When a Wrong Diagnosis Wreaks Havoc

Pull back your leaping mind. That’s not where I’m going with this. This weird saga began almost exactly a month ago, and I’m finally ready to tell it. I can almost see a glint of Abbott and Costello humor in it. Almost.

I have a one-word note on my calendar July 1st. It’s scrawled in my tiny, nearly illegible print and circled: “rash.”  Same notation the next two days. By the 4th of July, I felt like the rocket’s red glare had lodged in my skin. The note for that day: “awful rash, right trunk.”   Next day: “rash, getting worse and spreading, slow creep down right leg.”  It itched like crazy. Tom initially thought it might be something like poison ivy and suggested I apply clobetasol, a topical steroid gel he keeps in the medicine kit. I did put a little bit on the first day, but it didn’t seem to do anything, so I quit.

By Sunday, the stuff was a roughly 16 by 9-inch mess of weeping blisters from just under my right rib cage to mid-thigh and a wide area around my waist. I even had a cluster of blisters on my lower lip, near the corner of my mouth. Tom and I would be driving over to Jacksonville July 9 for his second two-day chemo cycle at Mayo starting on the 10th. I realized there was some process at work that was going to get a lot worse before it got better if I didn’t get some help, so I went to a local urgent care center and was seen by a family medicine guy.

His verdict? “Looks like shingles.” I told him I had the shingles vaccination a couple of years ago, and pointed out the blistery area on my mouth. That did it. He changed his diagnosis to Herpes Simplex Virus One, and prescribed a massive dose of Valtrex.

I was upset. I understand a person’s body may react in strange ways to stress, worry, and lack of sleep. But this? And then I started thinking about Tom, and how I’d read that folks taking chemo shouldn’t get vaccinations while they’re in treatment because the viruses can become active in their systems. HSV-1 is a virus. I was told I had it. Was there a possibility I was endangering Tom? Oh, boy.

First thing Monday morning I faxed and called Tom’s oncology nurse at Mayo and explained my situation. She was clearly concerned, said she would speak with Dr. Tun and get back to us. Sure enough, she called back advising she was calling in a prescription for Tom to also begin a massive dose of Valtrex immediately. I felt terrible.

A couple of years ago, when Tom and I planned one of our regular summer trips to the Western North Carolina mountain town of Maggie Valley for some of that cool air, I bought what I call a “porch sittin’ dress.” It served it’s purpose well, but man, was I glad to find it hanging in my closet. By the time we drove to Jacksonville, it was the only thing I could wear. It hangs loose and has an absorbent, soft cotton liner.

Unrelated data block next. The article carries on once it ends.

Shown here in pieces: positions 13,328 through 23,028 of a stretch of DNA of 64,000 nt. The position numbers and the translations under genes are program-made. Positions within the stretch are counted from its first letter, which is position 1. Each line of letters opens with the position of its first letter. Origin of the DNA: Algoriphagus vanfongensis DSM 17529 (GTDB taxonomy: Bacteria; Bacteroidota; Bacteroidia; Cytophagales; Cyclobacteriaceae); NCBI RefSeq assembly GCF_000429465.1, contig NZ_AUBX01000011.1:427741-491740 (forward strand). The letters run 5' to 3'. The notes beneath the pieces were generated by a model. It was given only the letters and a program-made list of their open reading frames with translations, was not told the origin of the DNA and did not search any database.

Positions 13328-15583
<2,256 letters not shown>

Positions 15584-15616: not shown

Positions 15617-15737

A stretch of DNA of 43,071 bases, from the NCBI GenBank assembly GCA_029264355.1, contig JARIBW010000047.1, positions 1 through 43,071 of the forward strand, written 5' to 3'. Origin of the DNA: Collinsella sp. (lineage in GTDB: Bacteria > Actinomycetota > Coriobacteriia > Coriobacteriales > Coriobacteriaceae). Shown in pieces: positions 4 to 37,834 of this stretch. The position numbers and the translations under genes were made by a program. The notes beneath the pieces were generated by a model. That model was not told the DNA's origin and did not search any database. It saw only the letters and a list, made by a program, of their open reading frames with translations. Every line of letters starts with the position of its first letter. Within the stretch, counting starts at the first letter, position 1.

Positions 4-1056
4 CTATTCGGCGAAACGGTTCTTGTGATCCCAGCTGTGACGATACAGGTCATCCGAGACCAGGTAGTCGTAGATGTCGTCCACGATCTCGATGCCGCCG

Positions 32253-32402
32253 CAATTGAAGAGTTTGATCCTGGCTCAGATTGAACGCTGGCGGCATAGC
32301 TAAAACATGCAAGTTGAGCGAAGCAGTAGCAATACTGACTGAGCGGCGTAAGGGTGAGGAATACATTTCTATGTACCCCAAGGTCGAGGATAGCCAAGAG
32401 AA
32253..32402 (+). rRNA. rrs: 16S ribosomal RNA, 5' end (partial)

By the time we left for Jacksonville on Wednesday, the 9th, my right trunk area looked like a deeply pickled side of raw corned beef. Then, about an hour into our drive, my left thigh started itching. I looked, and sure enough, the rash had jumped to the left side and was clearly still on the move. The Valtrex hadn’t even slowed it down.

That did it. I whipped out my laptop and emailed the situation to our internist’s, Dr. Macklin’s, secretary and traffic director extraordinaire at Mayo. As I’ve noted in an earlier post, Tom and I have participated in Mayo’s executive health program for years,  so we were no stranger to Kim. She is a dedicated Energizer Bunny of schedulers, a magician. Within the hour, she had me set up to see a dermatologist the next morning. Tom was hot to take me straight to the Mayo Hospital emergency room as soon as we arrived, but once he realized our room at the Inn at Mayo was only a short walk to the ER, and I didn’t have a fever even if a secondary infection might be trying to take hold, he simmered down.

Next morning came and I left Tom in the room preparing for his own full morning of appointments and afternoon of Rituximab and Bendamustine, and headed down the long, climate-controlled corridor from our room at the Inn past the Cannaday Building, the bustling Mayo Building where the hospital is, and to the Davis Building, where I took an elevator to dermatology. Young Dr. Gordon had been prepped with the info on my local urgent care diagnosis. After seeing the rash, he began shaking his head, brow furrowed. He quizzed me closely on whether it was possible I had come into contact with poison ivy. I explained that we live in the woods in a Longleaf pine forest, and that I take frequent walks, so while I couldn’t recall seeing or touching any, it was impossible to be sure.  He expressed the belief that the rash almost certainly had to be the result of a plant such as poison ivy, oak or sumac. Dr. Gordon stepped out for a moment and returned with another dermatologist, Dr. Cappel, who examined the rash and said he concurred with Dr. Gordon’s thoughts on the matter. Dr. Gordon and his wise-eyed and kind registered nurse, JoAnn, took several cultures and performed a punch biopsy. She gave me several large non-stick bandages to cover the blisters. I began to feel better already, knowing that whatever the heck it was, they were going to get to the bottom of it, and fast. He started me on a 14-day course of Prednisone and said to continue the Valtrex, at least until the lab results were back.